Last Friday, Dr. Cynthia Finelli presented a public talk on “Active learning in the STEM classroom: Overcoming barriers and planning for action’’, at the Institute for Engineering Education and Innovation’s (IEEI) Distinguished Lecture Series hosted by Dr. Tracy Hammond, Director, IEEI.
Finelli is Professor of Electrical Engineering and Computer Science, Professor of Education, and Director of Engineering Education Research at the University of Michigan.
Finelli’s research deals with bridging the gap between research and practice by promoting the adoption of active learning. Active learning typically consists of students doing anything in class to learn other than listening to the instructor and taking notes. While active learning has large and consistent impacts, its adoption can be slow. She identified motivators to adopting active learning like personalized support, local context for research, student experience, networking, and a safe environment. She also pointed out that the main barrier to adopting active learning in the classroom was student resistance. While students seldom demonstrate open resistance, research shows that passive resistance is more common.
Finelli explored the two significant predictors that influence student resistance to active learning–explanation and facilitation strategies. Explanation strategies deal with how the instructor introduces the activity and describes its purpose, while facilitation strategies deal with how the instructor promotes engagement and keeps the activity running smoothly once it has begun.
The talk presented some exciting possibilities and challenges as educators explored how to reduce resistance and increase engagement in the classroom through explanation, facilitation, planning, and feedback. She also addressed common faculty concerns and suggested methods to adopt active learning like starting simple, using active learning early and often, explaining your purpose as an instructor, using deliberate facilitation strategies, collecting and acting on student feedback, partnering with colleagues, and collaborating with faculty developers.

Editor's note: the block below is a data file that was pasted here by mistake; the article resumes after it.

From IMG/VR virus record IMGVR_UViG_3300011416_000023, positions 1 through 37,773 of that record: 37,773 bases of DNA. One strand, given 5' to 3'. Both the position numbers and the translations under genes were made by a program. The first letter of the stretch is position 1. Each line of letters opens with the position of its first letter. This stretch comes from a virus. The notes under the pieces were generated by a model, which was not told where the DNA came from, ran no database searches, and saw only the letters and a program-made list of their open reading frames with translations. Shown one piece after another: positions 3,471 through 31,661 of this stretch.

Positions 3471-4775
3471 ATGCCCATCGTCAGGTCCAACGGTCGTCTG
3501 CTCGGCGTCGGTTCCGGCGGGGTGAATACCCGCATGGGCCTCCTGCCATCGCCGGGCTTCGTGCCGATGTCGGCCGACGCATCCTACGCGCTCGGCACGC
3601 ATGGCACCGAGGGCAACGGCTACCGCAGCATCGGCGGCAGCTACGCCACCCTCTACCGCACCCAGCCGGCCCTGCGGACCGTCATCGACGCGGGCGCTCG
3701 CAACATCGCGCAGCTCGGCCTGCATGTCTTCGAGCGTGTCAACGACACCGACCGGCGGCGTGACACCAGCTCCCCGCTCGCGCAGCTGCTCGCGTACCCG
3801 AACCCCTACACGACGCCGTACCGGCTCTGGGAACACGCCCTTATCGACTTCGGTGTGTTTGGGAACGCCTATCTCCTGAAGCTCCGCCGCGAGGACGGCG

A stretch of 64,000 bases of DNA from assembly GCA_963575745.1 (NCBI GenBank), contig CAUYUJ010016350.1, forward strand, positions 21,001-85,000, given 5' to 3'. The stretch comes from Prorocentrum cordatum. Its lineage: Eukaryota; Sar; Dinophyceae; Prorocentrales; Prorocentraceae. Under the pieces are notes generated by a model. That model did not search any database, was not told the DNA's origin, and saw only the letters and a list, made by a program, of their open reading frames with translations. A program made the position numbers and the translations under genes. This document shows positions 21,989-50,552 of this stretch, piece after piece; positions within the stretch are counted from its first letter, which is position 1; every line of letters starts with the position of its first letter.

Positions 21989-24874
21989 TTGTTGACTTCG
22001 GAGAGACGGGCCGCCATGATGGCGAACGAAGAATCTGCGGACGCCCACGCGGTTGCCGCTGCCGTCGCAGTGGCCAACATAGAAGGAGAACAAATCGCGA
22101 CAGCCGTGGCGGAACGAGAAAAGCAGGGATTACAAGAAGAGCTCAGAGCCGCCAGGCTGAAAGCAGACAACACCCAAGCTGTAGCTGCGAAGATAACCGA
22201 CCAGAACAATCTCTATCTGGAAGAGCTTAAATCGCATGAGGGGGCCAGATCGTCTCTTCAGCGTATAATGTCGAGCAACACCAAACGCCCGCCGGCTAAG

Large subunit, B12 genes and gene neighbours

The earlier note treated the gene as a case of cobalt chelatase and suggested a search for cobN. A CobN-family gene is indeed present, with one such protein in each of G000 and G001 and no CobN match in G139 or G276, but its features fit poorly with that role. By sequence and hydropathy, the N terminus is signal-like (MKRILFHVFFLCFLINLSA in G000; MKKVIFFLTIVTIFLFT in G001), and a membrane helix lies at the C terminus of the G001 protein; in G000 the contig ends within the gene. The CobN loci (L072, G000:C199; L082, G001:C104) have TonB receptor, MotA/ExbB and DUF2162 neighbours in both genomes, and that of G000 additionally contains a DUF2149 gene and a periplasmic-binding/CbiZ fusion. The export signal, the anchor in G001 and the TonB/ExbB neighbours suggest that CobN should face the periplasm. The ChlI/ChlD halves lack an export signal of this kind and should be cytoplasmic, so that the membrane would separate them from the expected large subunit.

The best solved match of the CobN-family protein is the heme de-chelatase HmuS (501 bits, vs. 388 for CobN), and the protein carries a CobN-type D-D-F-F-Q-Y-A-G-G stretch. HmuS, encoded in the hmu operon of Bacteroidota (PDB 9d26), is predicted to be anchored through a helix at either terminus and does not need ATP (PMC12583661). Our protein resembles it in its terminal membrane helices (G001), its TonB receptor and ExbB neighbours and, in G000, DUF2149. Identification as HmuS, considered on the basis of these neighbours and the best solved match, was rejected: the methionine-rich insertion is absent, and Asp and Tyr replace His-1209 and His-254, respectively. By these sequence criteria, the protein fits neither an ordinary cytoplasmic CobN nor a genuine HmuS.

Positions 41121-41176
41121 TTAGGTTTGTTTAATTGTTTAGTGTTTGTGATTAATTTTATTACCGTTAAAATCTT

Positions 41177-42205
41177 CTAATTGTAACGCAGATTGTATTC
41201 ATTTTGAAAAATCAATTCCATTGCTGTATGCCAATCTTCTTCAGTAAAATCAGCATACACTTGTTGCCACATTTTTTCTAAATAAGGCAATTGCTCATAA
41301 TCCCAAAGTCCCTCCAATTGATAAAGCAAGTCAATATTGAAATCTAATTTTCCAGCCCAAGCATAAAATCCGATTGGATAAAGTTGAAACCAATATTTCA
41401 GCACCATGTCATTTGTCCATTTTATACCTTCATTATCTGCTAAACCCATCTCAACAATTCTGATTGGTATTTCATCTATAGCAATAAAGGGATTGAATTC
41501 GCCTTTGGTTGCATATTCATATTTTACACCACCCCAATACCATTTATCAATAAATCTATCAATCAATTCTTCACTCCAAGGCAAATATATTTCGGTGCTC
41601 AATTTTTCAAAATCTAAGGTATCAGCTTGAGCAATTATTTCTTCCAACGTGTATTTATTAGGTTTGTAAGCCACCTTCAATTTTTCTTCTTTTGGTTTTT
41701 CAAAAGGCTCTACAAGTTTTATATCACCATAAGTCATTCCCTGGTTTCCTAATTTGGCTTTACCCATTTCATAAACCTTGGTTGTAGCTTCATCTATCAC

Finelli is a Fellow of the Institute for Electrical and Electronics Engineers (IEEE), Fellow of the American Society of Engineering Education (ASEE), member of the Governing Board of the Research in Engineering Education Network, and member of the Steering Committee for the IEEE/ASEE Frontiers in Education Conference. She founded the Center for Research on Learning and Teaching in Engineering at the University of Michigan in 2003 and served as its director for 12 years. Dr. Finelli earned the B.S.E., M.S.E., and Ph.D. degrees in Electrical Engineering from the University of Michigan.